This is a toughie. Sometimes there’s nothing like a sealable plastic bag- for something mushy or potentially messy- if I have to, I use mine over and over until they die so I don’t buy more than a box of these every couple years, if that. But for drier items (sandwiches, fruit, cut veggies) a wax paper bag will keep moisture in and it will eventually biodegrade (unlike plastic). I use a cloth napkin for short-term transport of homemade burritos, sandwiches and veggies which won’t leak much but need a bit of protection. I can use it as a napkin while eating; plastic, not so much.


Instead of plastic silverware, try: Bringing your own.

I carry my own utensils- or I should say utensil- with me: the Aussie splayde is perfect, but a spork works too, so I never need to use plastic. You could also try a set of collapsible chopsticks (I find a need a spoon more often than a fork, but think about what you eat and what works for you).

*The key to avoiding plastic bags is to carry an oversized bag so you always have a place for small items, keeping a fold-up reusable bag like Envirosax in your bigger bag, and leaving your canvas bags for grocery shopping in the car so you’re always prepared.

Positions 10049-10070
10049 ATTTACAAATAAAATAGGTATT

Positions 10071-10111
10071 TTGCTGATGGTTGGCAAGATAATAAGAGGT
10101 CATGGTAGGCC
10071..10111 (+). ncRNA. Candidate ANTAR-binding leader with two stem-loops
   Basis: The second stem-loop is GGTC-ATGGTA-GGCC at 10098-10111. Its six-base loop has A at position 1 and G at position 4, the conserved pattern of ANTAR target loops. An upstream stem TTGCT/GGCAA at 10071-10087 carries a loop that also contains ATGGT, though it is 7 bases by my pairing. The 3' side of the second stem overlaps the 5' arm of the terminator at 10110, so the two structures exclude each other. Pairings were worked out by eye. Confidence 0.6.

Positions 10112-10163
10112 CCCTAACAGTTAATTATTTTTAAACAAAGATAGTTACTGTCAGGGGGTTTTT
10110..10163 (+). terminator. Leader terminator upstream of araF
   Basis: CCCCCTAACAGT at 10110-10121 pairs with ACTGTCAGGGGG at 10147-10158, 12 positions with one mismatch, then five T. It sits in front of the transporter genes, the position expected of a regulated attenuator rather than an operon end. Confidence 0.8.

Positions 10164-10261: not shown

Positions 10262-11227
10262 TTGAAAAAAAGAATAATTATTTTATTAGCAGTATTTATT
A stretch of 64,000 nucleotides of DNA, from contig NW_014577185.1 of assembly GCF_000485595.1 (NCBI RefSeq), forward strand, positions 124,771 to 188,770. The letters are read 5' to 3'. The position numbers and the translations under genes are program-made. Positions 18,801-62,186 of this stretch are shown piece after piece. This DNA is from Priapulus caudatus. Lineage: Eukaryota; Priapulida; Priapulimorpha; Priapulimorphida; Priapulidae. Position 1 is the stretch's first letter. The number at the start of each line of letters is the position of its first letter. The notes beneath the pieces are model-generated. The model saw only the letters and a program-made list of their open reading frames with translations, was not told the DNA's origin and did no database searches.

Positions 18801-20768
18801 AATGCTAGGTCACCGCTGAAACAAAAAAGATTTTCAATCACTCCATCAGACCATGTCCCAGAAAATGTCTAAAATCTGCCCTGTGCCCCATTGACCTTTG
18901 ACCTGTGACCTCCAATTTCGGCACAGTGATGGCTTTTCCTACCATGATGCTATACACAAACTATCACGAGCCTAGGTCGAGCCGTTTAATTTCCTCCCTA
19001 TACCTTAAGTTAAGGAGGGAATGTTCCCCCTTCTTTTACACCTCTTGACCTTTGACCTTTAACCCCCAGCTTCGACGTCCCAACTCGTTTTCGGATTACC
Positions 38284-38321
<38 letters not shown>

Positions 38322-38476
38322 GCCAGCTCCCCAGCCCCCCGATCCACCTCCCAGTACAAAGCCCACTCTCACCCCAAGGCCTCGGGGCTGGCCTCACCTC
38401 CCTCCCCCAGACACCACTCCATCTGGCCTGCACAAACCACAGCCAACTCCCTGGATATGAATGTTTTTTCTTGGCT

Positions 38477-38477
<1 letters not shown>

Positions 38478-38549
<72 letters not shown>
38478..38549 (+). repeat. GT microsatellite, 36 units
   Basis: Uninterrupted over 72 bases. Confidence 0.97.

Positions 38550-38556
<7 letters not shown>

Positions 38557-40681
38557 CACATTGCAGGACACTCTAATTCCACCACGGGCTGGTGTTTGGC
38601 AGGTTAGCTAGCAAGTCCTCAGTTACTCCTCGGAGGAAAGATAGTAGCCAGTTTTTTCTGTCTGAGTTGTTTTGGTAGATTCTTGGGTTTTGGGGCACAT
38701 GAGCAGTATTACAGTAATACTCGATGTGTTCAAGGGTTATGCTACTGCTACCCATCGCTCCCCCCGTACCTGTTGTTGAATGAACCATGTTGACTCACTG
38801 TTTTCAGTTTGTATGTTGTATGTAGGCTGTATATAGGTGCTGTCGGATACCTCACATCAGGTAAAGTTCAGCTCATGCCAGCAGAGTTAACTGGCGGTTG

** So far I’ve switched to 75% organic food in my home, I drive only on the weekends, I’ve gotten a super-efficient furnace, use only low-VOC paints, compost food scraps, grow my own veggies and herbs, buy from my local farmer’s market from April-October, adopted all my animals, buy more than half my clothes and shoes from sustainable companies (see my blog, Eco Chick for a listing), take the train instead of flying, switched from a desktop to a laptop (they use 90% less power), bought a water and energy efficient new washer, and line-dry my clothes whenever possible. I’ve been vegetarian for 15 years, so that’s not recent, but it still counts!